The Do’s and Don’ts of the College Essay


Darya Navid, Humor Section Editor

As the amber season of autumn approaches, so do the pesky deadlines for early action and early decision college applications. You know, the things that will decide the rest of your life. Although a good resumé is needed to get a college admission, in today’s society, where everyone is seemingly like everyone else—wearing all the latest and greatest trends, and living their lives in the same manner—most applications will look the same.


Your grades may be good, great even, and you could have done tremendously well on your SAT or ACT, but guess what? So did thousands of other students in the nation, you’re not that special. However, you can be special. All you need to do is write the most amazing college essay that any admissions officer has ever read.


So as you gaze at the blinking, black cursor that seem to be taunting you from the infinite white void of an untitled Google Doc, here’s a few things to keep in mind:


  1. Try not to cuss. As much as it may be apart of your vocabulary, dropping the f-bomb, or referring to your mom ‘that b—- that ruined my life’ is probably not the way to go, even though it would definitely set your essay apart.
  2. Don’t talk about your personal problems. Venting to the admissions officer about how your parents wouldn’t pay for your Gucci slides, or your current vaping problem, is probably not the way to go. As important of an issue as it may be to you, it’s probably not the best way to give your first impression to the school you really want to go to. But it would leave a lasting impression, which is ultimately the goal.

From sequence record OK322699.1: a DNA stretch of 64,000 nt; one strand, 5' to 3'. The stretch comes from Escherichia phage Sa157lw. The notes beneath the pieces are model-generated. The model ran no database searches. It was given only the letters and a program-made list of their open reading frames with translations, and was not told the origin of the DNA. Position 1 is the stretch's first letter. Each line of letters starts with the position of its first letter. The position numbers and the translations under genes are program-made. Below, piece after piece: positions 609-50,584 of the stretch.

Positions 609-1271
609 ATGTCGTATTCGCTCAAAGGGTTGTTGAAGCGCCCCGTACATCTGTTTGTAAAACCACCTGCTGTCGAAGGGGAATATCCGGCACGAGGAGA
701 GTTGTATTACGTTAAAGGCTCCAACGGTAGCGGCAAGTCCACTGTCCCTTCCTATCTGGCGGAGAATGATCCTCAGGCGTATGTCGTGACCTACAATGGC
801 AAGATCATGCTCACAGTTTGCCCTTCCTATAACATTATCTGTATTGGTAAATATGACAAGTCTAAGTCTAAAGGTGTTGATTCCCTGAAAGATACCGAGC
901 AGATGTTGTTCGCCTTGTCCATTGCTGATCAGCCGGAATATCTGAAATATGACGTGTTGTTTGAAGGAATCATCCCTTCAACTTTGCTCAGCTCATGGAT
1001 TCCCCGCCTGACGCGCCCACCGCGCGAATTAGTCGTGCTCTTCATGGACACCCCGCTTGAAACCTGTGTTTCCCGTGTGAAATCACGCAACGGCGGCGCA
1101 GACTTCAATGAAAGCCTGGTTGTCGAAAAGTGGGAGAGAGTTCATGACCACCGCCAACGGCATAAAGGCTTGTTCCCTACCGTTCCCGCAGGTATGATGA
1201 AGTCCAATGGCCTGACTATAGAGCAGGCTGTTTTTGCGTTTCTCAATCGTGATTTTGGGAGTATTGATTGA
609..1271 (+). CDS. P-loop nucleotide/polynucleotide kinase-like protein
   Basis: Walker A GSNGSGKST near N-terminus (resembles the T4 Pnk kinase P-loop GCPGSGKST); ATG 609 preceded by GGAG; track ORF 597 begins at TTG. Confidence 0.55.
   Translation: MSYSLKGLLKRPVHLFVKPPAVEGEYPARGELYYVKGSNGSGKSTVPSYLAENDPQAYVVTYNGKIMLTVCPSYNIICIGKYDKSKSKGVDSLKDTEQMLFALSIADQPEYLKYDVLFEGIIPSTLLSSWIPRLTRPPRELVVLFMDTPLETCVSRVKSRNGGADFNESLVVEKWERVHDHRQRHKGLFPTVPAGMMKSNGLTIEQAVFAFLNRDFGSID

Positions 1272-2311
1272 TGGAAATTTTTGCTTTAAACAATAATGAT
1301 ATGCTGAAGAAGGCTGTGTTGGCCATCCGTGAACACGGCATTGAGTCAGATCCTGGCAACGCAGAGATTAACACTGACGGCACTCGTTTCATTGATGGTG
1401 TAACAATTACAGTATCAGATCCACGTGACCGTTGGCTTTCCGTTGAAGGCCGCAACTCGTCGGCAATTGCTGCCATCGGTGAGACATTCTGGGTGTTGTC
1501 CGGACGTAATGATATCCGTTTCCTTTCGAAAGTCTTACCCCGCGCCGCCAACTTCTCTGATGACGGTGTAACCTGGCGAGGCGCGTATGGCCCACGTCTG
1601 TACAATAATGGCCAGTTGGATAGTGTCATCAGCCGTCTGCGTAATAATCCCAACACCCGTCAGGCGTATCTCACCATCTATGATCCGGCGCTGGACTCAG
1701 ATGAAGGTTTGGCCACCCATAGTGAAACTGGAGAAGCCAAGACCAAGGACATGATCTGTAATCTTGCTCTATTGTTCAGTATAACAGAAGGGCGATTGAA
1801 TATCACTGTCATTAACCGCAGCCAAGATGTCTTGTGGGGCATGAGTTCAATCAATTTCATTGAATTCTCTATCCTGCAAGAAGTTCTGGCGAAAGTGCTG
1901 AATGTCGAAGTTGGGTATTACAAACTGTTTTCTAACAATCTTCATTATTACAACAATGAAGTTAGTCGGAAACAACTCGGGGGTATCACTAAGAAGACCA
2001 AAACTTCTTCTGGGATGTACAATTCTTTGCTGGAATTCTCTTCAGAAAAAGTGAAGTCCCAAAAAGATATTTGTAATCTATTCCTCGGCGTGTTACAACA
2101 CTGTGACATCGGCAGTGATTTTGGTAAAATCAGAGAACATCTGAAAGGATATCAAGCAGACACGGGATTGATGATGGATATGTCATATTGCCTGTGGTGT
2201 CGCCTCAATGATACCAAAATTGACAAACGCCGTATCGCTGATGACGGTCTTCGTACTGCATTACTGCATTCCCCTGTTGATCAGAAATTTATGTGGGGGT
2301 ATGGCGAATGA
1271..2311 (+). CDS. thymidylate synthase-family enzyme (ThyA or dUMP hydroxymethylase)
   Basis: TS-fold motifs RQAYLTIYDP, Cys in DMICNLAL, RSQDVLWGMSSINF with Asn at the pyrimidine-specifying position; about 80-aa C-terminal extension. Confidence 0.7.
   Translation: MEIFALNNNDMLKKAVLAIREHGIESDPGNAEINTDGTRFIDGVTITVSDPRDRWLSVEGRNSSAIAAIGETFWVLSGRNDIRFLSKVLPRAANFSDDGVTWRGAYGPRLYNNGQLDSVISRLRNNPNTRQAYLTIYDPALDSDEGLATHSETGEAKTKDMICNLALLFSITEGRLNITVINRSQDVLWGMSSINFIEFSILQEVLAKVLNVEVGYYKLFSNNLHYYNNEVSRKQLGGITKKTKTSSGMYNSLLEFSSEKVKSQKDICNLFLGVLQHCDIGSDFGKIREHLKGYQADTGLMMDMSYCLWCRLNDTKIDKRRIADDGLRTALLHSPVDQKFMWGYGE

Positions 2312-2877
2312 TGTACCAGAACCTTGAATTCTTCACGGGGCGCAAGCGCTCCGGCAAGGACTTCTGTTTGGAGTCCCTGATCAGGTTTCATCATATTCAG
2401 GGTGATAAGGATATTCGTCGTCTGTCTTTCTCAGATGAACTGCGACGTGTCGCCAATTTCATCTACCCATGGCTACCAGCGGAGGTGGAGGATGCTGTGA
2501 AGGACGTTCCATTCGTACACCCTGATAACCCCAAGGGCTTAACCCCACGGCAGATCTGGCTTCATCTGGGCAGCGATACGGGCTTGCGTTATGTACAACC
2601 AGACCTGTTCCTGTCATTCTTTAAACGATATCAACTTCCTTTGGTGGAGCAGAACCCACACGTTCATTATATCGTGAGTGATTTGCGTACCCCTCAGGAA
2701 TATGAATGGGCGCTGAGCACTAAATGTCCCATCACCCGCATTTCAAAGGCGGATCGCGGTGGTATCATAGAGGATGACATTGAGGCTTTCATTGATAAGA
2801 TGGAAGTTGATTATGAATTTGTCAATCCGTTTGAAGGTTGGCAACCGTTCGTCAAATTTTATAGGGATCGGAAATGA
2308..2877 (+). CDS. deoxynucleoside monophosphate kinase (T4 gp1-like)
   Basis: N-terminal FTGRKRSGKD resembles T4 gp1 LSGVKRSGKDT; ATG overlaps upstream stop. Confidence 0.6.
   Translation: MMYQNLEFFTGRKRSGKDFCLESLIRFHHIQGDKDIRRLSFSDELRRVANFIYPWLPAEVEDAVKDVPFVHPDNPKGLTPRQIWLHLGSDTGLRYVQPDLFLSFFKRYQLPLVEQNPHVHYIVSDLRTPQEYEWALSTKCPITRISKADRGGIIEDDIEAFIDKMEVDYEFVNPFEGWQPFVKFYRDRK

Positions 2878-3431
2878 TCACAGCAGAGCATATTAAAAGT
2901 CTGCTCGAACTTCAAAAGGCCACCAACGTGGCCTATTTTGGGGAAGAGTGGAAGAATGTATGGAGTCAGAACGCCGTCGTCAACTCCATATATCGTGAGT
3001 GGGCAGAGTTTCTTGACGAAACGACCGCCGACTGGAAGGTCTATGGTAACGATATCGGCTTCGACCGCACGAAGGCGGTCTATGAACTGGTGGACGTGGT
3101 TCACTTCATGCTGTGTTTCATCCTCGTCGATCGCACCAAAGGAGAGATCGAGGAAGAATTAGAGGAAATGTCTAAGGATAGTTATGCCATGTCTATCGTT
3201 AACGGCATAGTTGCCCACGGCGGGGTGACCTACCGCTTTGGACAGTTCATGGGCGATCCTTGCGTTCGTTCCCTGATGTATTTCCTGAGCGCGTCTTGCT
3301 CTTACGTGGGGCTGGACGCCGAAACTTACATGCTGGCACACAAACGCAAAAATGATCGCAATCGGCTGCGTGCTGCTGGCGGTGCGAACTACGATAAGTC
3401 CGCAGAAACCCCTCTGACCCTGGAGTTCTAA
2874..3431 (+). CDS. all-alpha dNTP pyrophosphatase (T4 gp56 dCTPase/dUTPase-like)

3. Try to avoid clichés. Remember that it is better to be safe than sorry, and writing about what you know can be good. However, clichés are annoying. So don’t use them.
  4. Write the unexpected. As mundane as writing a whole essay about a standard number two pencil maybe, I guarantee that these are things admission officers have never seen and with the right metaphor the simply boring object that you will probably throw away could be your very ticket in to that ivy league you have been eyeing since freshman year. It will show that you can make something outta nothing, a professional BS-er so to speak. And what university doesn’t need at least one of those.
  5. Get the best darn hook in the world. After reading thousands of essays, most admissions officers will need a really good reason to read yours, so give it to them. Have that opening line that grabs their attention, the BOOM that they can’t ignore. Thousands of seniors every year write amazing essays that admissions officers never read because they fail to catch the reader’s attention when it counts: at the beginning.
  6. Forget everything that was just said—seeing as many of your fellow applicants have just read this same thing and the whole point of the essay is to be different, don’t follow the rules a bunch of other people are going to follow. Or do, see what happens.